Many of you probably already heard of the woman, Jenny, who quit her job in a rather general way – through photographs and a dry erase board. Despite the laughter of this situation and then finding out it was an elaborate hoax, average individuals should take warning of what they do online.
Type in the query “Facebook shooting” in Google. Surprised at the amount of people terminated because of the actions on a social networking site? I sure as Hell was. Firings of people posting on Twitter or Facebook has occurred multiple times. Lots of average people being canned for what they believed was private ranting.Before you do any online activity make sure that your online privacy is not being compromised.
People today feel comfortable posting any sort of content, believing that their message is only viewable to close friends and loved ones. Sadly, those posts are the equivalent of a sandwich board and megaphone on a street corner. As a business it’s important to also monitor what your employees do online. An unhappy customer expressing his concerns is bad enough, but no matter how you look at it, negative remarks from an employee simply look horrible.
The line between what’s personal and what’s public online is getting increasingly blurry. Therefore I’m going to throw this out Actual Talk style. Below I will outline what youpersonally, as an individual and as a business, should do to protect yourself in the digital jungle.
So you have had a tough day in Crappy Job, Inc and then decide to go home and release a little steam on the ole Facebook. Sadly there may be consequences depending on the circumstance and perceived goal of any posting you do. Don’t believe your job is worth monitoring? Everybody from business professionals to waitresses have been fired. So what steps will you take to keep your opinion and job?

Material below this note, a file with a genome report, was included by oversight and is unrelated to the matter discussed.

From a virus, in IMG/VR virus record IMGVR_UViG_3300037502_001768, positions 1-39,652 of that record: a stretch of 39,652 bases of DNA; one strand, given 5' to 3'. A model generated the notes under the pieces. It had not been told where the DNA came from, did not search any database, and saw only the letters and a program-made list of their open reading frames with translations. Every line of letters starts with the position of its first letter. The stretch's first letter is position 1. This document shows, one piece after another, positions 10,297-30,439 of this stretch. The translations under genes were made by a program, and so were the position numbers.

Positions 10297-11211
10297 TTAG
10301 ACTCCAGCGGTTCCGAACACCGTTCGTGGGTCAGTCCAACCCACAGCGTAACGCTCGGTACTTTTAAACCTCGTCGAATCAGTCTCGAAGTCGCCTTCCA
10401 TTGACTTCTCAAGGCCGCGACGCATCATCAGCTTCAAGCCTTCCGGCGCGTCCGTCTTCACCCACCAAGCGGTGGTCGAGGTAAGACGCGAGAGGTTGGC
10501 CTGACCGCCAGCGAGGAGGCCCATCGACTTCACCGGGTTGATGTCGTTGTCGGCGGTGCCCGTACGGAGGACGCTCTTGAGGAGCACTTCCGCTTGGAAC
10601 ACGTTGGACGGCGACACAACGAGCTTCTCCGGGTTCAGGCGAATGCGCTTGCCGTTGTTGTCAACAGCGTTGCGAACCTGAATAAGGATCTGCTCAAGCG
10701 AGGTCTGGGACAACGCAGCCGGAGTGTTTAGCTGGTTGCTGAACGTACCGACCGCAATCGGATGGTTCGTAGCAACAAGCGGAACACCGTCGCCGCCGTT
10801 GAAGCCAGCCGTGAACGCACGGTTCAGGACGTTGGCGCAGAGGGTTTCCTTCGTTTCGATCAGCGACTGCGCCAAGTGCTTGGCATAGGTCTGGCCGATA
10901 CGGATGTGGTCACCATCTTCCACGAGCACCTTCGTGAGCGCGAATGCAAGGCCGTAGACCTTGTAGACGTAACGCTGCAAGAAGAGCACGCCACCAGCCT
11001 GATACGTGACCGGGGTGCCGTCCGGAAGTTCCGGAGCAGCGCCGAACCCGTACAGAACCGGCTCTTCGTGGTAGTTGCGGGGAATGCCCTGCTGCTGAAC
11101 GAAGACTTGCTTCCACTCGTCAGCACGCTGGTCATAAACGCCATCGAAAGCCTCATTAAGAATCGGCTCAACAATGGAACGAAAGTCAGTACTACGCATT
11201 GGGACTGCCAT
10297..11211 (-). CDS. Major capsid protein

Set up Privacy Settings:
This might work out the same as attempting to create a submarine with mesh wiring; still it is a measure which needs to be completed. Facebook is generally known for its lax behavior in regards to preserving security criteria. Knowing that placing up privacy preferences is the equivalent to locking a door at a glass house, they should still be done since it is going to keep the computer illiterate and lazy from your own information. Still, once you realize how people a forum such as Facebook is you will, hopefully, be reserved in your posting.
Do not reveal employer information
Making some space between you and your employers may be a path you deem suitable. If your job doesn’t require you to have a web presence, then not posting your information gives a nice disconnect between your private and professional life. But, employers have fired workers over content they wrote about on social networking sites without actually naming their company. Social Networking is much like the Wild West at this point. The legislation are gray and a lot of the property is untrue. So I will state, once again, that social networking sites are pretty transparent and even in the event that you do not state specifics about an employer you might still be soliciting a pink slip. This measure is pointless if you have set up and keep a LinkedIn account. See where I am going for this?
I realize that I am beginning to get a little repetitive. Good. The more conscious you’re that most companies are, or will be, monitoring what you do and say about these websites allow you to effectively estimate how you want to be seen. The ideal strategy is to structure your internet persona in a professional manner while making sure never to divulge any information regarding your work. The actions you choose these websites will reveal your existing position in your job and later on with other potential employers.
Establish a Reputation Monitoring Dashboard